Thirteenth Night by Alan Gordon

Thirteenth NightIn twelfth century Illyria, the lady Viola is shipwrecked and separated from her twin brother Sebastian. After much cross-dressing antics, Viola marries the Duke Orsino and her brother marries the Countess Olivia. And they all live happily ever after, with the exception of Olivia’s pompous steward Malvolio, who is made a fool of, and storms off, swearing revenge. You may have heard of the story – oh, it happened on Twelfth Night, if that’s a clue.

But it would seem that is only one side of the story. In fact Malvolio was a foreign agent looking to undermine the Duke and the Countess, but Feste – otherwise known as Brother Theophilus of the secretive Fool’s Guild – arranged events to humiliate the steward. The bit about Malvolio promising revenge – that bit was true…

Fifteen years later, and Theophilus receives a simple message – “Orsino is dead”. Sensing Malvolio’s hand in the matter, he returns to Illyria. But after such a time, Malvolio could be anywhere – or anyone…

It’s taken me a while to get round to this one – I picked it up on the recommendation of Paul Moots as a series that would fall under the Medieval Miscreants banner, but finally picked it up off the TBR pile(s). And I’m very, very glad I did.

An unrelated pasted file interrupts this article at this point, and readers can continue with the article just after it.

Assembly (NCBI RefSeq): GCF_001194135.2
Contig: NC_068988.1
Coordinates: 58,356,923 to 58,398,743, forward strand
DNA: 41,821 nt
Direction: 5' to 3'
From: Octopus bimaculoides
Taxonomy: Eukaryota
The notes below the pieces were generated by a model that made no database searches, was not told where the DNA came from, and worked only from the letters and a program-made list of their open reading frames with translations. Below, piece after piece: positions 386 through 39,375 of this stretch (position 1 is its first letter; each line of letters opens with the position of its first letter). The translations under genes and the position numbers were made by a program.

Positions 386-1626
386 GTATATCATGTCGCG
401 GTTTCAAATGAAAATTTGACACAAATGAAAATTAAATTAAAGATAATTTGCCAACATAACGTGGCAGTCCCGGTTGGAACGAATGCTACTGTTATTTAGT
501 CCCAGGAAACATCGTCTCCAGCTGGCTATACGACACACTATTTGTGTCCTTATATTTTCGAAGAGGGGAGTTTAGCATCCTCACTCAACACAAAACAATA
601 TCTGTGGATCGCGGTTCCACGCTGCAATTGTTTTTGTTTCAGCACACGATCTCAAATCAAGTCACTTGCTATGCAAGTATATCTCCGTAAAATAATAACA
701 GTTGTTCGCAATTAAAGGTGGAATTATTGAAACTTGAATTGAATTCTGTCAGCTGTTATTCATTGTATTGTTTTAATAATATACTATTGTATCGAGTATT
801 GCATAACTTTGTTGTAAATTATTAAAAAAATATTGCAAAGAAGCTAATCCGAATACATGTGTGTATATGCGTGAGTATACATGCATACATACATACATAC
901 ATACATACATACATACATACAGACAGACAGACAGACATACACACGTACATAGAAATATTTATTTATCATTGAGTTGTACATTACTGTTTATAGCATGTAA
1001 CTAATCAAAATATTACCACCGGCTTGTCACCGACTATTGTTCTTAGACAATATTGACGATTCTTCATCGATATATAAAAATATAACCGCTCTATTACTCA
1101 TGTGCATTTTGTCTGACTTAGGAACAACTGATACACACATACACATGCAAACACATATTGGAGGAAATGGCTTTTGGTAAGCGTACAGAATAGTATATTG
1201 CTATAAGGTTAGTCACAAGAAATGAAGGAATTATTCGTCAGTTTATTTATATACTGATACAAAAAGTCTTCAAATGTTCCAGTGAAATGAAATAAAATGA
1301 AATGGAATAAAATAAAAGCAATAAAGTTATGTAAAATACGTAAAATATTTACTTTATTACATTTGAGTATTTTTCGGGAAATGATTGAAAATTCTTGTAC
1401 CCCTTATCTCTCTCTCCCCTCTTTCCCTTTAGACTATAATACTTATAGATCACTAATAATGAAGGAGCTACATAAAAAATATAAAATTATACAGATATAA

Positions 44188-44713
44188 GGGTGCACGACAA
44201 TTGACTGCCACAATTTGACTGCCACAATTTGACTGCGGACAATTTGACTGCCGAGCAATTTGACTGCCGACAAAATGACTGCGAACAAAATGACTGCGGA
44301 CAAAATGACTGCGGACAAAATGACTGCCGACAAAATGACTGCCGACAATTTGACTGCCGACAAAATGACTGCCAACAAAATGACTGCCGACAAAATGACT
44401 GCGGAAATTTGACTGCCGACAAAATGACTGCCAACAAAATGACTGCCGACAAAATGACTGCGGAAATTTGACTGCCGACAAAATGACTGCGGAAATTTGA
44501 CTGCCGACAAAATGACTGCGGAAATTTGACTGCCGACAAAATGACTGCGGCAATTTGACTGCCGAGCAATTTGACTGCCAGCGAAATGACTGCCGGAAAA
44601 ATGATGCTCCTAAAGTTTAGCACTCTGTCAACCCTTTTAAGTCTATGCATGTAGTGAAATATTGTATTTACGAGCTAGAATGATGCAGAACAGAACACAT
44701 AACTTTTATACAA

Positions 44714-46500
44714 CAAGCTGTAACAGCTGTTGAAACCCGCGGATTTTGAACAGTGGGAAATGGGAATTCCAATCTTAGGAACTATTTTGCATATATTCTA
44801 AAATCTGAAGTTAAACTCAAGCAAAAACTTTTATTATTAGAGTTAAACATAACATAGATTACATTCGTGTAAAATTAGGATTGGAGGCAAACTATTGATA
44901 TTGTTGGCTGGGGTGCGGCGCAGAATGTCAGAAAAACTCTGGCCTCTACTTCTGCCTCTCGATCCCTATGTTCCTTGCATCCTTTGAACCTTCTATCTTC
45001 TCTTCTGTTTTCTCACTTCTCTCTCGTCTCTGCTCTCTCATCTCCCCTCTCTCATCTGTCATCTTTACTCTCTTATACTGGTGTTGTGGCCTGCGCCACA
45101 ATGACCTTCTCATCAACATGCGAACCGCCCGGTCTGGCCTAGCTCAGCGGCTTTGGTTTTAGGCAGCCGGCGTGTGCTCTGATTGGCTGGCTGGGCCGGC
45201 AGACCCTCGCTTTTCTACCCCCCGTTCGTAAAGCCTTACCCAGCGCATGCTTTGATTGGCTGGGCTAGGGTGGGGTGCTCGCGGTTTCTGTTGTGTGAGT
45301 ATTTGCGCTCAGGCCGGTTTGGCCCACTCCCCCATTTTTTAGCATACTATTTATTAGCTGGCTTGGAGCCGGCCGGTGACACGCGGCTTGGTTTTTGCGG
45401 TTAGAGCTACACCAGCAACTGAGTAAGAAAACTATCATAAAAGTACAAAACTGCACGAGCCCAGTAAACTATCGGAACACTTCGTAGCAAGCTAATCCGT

First of all, I do like a bit of Shakespeare. Twelfth Night isn’t my favourite play, but I’ve got a decent working knowledge of it. I’m pretty sure that such knowledge isn’t required to enjoy the story, but in the same way that the Mervyn Stone books are great mysteries enhanced by the background of the world of science fiction TV, a little background knowledge brings this story into vibrant life.

Theophilus is a fantastic lead. The secret society of the Fools’ Guild – never fully explained, which probably helps – gives the story an original spin while the plot  keeps moving forward, teasing the reader with minor (but both surprising and clued) revelations until the big reveal of who is behind the various deaths. The supporting characters, both from the original play and new to Illyria are entertaining and the whole thing zips along with a real charm.

As for the mystery, I did spot part of the solution – in fact I thought it was pretty inevitable – but I missed the big picture, which is very well done. You could argue that some of the clues need some pretty eclectic knowledge, but that just made me feel like I’d learned something – not the most useful of facts, but something nonetheless.

All in all, I absolutely loved this book – it ticked all of the boxes for me. Highly Recommended.


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